CHAPTER 1: MARCUS
You are not safe.
You only feel safe because no one has decided to target you.
People are oblivious to the threats lurking in the darkness around them. Their need for attention makes it too easy for predators to have their fill.
Those who wish to harm will never starve in today’s world. Social media, the internet, and a connected society that breeds an addiction to pseudo validation is what keeps me in business—and business is booming.
From my place in the shadows, I easily spot five people I could pursue tonight. My initial assessment tells me I wouldn’t break a sweat finding information on three of them, but there’s one girl a mere ten meters away from me who makes my warning bells go off. I’m sure the only reason she is still alive is because no one has taken a depraved interest in her—yet.
She’s lucky I’m here for someone else.
Tonight I’m hunting someone who is a little more elusive than your run-of-the-mill pick-me girl.
This one is more of a challenge.
The group on the street across from the alley I’m lurking in disperses to their various venues, and I return my attention to the building I’m casing. There isn’t anything flashy about it. There isn’t even a business name posted on the outside, just a picture of a raven with an intricate symbol on its body above the door. Inside those doors is Ravenous, a membership-only lifestyle club of sorts, owned and operated by Alexandra Loren.
So far, I’ve gone unnoticed every time I’ve been here. I’ve walked down the street on numerous evenings. I glance over to the bench where I sometimes sit eating pizza. A couple of weeks ago, and while using fake ID, I brazenly walked through the front doors on a new-member night to have a look around. I got close enough to the woman I’m after to smell her perfume when she stepped around me to greet an acquaintance of hers.
Tonight is different though.
This is the night I will make myself known.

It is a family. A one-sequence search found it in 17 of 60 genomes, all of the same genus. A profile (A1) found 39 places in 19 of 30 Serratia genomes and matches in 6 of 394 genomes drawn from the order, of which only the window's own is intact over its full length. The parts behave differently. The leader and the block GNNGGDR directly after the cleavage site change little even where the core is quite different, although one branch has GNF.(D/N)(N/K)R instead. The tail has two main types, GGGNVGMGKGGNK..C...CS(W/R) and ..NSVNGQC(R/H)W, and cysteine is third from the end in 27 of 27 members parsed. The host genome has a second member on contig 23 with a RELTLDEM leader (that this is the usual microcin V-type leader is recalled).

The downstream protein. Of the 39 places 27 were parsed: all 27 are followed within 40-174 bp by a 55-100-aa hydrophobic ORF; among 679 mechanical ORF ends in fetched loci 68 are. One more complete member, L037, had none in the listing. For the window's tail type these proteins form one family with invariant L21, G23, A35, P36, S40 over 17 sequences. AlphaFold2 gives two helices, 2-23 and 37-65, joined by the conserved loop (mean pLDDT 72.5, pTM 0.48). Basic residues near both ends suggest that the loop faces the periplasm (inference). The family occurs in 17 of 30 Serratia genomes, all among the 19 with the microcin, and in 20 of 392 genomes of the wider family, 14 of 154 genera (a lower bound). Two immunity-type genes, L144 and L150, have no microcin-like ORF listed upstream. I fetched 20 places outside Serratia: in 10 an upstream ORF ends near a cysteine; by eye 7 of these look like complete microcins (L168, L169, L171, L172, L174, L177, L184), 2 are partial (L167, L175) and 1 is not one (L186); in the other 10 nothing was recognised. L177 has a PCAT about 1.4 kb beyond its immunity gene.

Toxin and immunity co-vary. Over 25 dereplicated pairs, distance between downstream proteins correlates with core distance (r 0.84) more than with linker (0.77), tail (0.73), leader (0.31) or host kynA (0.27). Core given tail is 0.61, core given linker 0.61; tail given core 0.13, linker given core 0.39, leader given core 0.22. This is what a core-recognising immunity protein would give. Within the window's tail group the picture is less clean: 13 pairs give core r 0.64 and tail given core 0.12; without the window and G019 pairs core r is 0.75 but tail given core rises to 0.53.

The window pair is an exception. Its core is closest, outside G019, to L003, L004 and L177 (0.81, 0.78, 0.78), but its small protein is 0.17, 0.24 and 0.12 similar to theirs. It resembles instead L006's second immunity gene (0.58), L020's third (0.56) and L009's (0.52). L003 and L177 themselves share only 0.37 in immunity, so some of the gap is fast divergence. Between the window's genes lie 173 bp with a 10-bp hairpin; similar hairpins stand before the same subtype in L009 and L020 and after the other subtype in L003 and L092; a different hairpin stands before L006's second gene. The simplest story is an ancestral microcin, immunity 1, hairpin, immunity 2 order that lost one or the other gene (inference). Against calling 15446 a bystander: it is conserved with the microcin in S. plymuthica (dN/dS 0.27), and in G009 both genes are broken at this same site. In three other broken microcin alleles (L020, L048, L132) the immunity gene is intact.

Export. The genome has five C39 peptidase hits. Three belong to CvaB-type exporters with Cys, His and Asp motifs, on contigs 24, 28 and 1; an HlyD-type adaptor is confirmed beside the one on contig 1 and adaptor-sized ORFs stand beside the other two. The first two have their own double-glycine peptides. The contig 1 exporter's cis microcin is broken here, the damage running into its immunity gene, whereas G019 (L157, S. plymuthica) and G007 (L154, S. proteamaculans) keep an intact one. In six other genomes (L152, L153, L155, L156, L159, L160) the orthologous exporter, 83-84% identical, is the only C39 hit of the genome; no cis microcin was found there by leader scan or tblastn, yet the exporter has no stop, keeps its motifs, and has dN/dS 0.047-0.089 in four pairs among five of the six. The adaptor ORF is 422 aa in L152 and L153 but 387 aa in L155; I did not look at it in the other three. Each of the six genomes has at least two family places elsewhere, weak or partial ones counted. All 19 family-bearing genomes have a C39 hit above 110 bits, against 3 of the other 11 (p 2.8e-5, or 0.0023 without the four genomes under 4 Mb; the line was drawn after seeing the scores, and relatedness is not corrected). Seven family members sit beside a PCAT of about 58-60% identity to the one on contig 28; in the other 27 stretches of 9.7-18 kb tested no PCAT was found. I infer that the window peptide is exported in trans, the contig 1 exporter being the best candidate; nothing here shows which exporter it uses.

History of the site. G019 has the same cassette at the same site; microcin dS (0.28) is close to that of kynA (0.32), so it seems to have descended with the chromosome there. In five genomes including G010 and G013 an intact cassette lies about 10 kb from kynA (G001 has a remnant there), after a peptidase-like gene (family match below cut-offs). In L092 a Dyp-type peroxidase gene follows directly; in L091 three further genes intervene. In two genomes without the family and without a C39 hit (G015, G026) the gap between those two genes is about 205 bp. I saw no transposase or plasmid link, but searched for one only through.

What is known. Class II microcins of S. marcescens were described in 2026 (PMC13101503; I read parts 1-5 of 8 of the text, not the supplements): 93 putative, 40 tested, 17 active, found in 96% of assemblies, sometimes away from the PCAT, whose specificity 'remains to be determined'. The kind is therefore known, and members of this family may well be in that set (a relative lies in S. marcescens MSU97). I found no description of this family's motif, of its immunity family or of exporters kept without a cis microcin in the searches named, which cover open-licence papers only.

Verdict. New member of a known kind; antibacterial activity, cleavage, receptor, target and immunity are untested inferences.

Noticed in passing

I’ve watched Alexandra Loren for just over three weeks now, and tonight is the night she will see me.
I could wait until her club closes and her clients and employees trickle out, leaving her helpless and alone, but I want to make a point.
And that point is that she is vulnerable—always.
If I want something, there is nothing that will stop me. There is no time, no place where she will be safe from me.
Laughter draws my attention as a couple walks arm-in-arm down the sidewalk toward me. The man whispers something in the woman’s ear at the same time he runs the tip of his finger between the lapels of her jacket, and she shudders, dipping her head toward him with a mischievous smile on her face.
I know before they stop in front of Ravenous that this is where they’re headed. The coat cinched around her waist goes to her mid-thigh, and it is longer than whatever she is wearing underneath. It’s no longer acceptable to make assumptions about people by how they are dressed, but profiling is literally my bread and butter, and the collar buckled around her neck tells me that they aren’t interested in the bakery one block over.
Sure enough, they stop at the door and knock. The man already has his phone out of his pocket when the bouncer opens the door. He taps the screen a few times, then holds the face out and allows the employee to scan whatever is on the screen. The bouncer looks up from his device, seemingly happy with what he sees, and asks for identification.